Last weekend, while rummaging through some drawers in search of my passport, I came across a keepsake box. Opening it, I saw one of my mother’s necklaces nestled inside. My mother died in 1997, may she rest in peace and be reunited with my loving father.
Holding the necklace by its chain, I pulled it out and held it up in the light. And with a flash, I had a memory of my mother wearing it throughout the 1980s, during the dinner parties that she threw and loved so much.
“This will look great against a black dress,” I said to myself. “I’ll wear it to work on Monday.”
Just to be clear and in the interest of avoiding a Kardashian-style copycat heist in Paris, this is costume jewelry. The stones are synthetic and the chain is metal, not silver.
And then a startling thought occurred to me. Can I wear this necklace wherever I want? I had an inkling that I couldn’t. On the heels of the recent ruling of the European Union’s highest court that now allows companies (if they so choose) to prohibit staff from wearing visible religious symbols, I paused to reflect. Then I fired up the internet to get more information.
Enshrined in a landmark 1905 law that prohibits the state from recognizing, funding or favoring any religion, secularism is taken seriously in France. State schools are strictly non-faith and all public bodies must be free of religious influence.
In March 2004, thirteen years ago and under the presidency of Jacques Chirac, French legislators felt the need to refresh and reinforce this 1905 law. And so they dusted it off and passed a new law banning the wearing of conspicuous religious symbols in state (public) schools. These symbols include Jewish skullcaps, Sikh turbans, Muslim headscarves and large Christian crosses. As a secular country, we were told, the ban was designed to maintain France’s tradition of strictly separating state and religion; it was also an attempt to enforce “religious neutrality” or “a neutral space.”
OK. My initial reaction to this ban, I remember, was negative. Born and brought up in Canada (True North, strong and free), I believed it to be a violation of religious freedom and civil liberties. I didn’t like the idea of a government telling me what I could or could not wear.
Outside of schools, the wearing of conspicuous religious symbols is also banned in public buildings in France (courts and police stations, public hospitals and all government buildings).
Enter President Nicolas Sarkozy and yet another ban, this time prohibiting the concealment of the face in a public space. The law was passed in September 2010. Even though this face-covering ban includes all headgear – masks, helmets and balaclavas, we all know that the garments in question are the Islamic niqab and burka. A year earlier, Sarkozy defended France’s “secularism” to attack full Islamic veils in a speech.
As a side note: never before had we heard the words ‘secular’ (laïque), ‘secularism’ (laïcité) and ‘secularization’ (la laïcisation) mentioned so often. They are the new buzzwords that perfectly depict the zeitgeist of this era.
“The problem of the burka,” Sarkozy intoned, “is not a religious problem, it’s a problem of liberty and women’s dignity. It’s not a religious symbol, but a sign of subservience and debasement. I want to solemnly say that the burka is not welcome in France. In our country, we cannot accept women prisoners behind a screen, cut off from all social life, deprived of all identity. That’s not our idea of freedom.”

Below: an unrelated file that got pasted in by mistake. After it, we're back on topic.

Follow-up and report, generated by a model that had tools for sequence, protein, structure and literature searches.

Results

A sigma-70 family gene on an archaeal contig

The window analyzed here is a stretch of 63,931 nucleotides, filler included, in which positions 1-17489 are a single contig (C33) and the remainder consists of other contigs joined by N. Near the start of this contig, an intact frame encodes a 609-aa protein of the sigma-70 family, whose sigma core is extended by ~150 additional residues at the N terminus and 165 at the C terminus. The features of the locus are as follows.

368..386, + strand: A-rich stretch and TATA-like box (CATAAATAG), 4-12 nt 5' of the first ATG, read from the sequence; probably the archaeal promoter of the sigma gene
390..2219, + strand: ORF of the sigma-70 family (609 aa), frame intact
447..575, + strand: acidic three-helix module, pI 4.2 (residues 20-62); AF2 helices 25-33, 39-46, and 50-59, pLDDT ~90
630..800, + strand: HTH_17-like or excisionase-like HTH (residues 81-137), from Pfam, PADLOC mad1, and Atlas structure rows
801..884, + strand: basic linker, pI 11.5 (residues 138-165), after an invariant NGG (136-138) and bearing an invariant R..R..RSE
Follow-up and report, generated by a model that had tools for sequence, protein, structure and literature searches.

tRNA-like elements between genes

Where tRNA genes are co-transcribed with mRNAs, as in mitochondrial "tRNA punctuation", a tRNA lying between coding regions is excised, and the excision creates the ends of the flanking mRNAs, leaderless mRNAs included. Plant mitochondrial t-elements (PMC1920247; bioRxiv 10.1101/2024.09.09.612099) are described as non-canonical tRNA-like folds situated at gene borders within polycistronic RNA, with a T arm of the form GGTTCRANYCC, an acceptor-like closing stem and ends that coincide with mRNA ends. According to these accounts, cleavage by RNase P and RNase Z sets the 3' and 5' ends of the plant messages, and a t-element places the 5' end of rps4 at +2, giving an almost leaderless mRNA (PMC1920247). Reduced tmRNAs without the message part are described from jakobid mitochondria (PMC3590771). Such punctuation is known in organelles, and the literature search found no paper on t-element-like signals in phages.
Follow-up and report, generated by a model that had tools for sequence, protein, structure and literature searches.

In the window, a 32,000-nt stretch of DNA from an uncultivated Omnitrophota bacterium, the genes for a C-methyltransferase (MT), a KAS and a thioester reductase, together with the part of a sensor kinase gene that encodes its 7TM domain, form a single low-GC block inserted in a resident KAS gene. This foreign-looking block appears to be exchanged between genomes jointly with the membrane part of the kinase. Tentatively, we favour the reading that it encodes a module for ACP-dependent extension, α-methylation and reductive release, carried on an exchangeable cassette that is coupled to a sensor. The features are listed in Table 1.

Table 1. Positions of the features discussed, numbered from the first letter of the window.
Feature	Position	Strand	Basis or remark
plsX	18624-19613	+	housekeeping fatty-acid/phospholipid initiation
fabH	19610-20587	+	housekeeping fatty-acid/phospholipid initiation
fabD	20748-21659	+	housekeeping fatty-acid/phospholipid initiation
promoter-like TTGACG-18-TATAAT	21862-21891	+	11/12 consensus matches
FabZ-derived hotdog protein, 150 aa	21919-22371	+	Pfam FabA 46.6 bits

“We must not be ashamed of our values,” he added. “We must not be afraid of defending them.”
By 2010, my feelings about government telling us what or what not to wear were becoming more elastic. I view the niqab (black full-face veil where only the eyes are seen through a slit) as a relic of medieval times. I also see it as a suffocating sack imposed on women in Saudi Arabia. In Afghanistan, women are forced to wear the burqa by the Taliban. If they refuse, they are stoned to death. So what place do these godawful garments have on the streets of Paris in the 21st century??? Saudi Arabian values are not our values; Iranian or Yemenite customs are not our customs. France is not an Islamic country. Those garments do not belong here, nor anywhere else in the Western world.
Thank you, Monsieur Sarkozy, for having the balls to enforce this ruling.
So where does my mother’s necklace fit into this story? I was considering wearing it to work. At the office there is one hijabi, a French-Moroccan woman who wears the hijab (headscarf). If she can wear the hijab, then surely I can wear my mother’s necklace.
So on Monday I discussed the matter with a colleague of mine. She’s French-Lebanese of Christian faith.
“The wearing of a Christian crucifix will be interpreted as a provocation,” she said. “Personally, I wouldn’t wear it in the office. I wouldn’t even wear it walking around outside.”
A provocation? A Christian crucifix? My mother’s dinner party necklace was taking on alpine and ominous proportions.
“But we weren’t religious,” I bleated, “My mother wore the necklace purely as a fashion statement.”
“Well, we don’t know that.” said my colleague.
Oh, for heck’s sake.
When I was growing up in Canada, religion was not an issue. Now it’s a huge one. Why is that?
Sighing, I put the necklace back in its box and placed the box back in my drawer. If my mother had known, way back in the 1980s, that her necklace would end up in Paris and become such an object of controversy in 2017, she would have been surprised.
Read this article, published yesterday in the British Spectator entitled “As a Muslim, I strongly support the right to ban the veil. At last, the European Court of Justice has made a stand for European values.“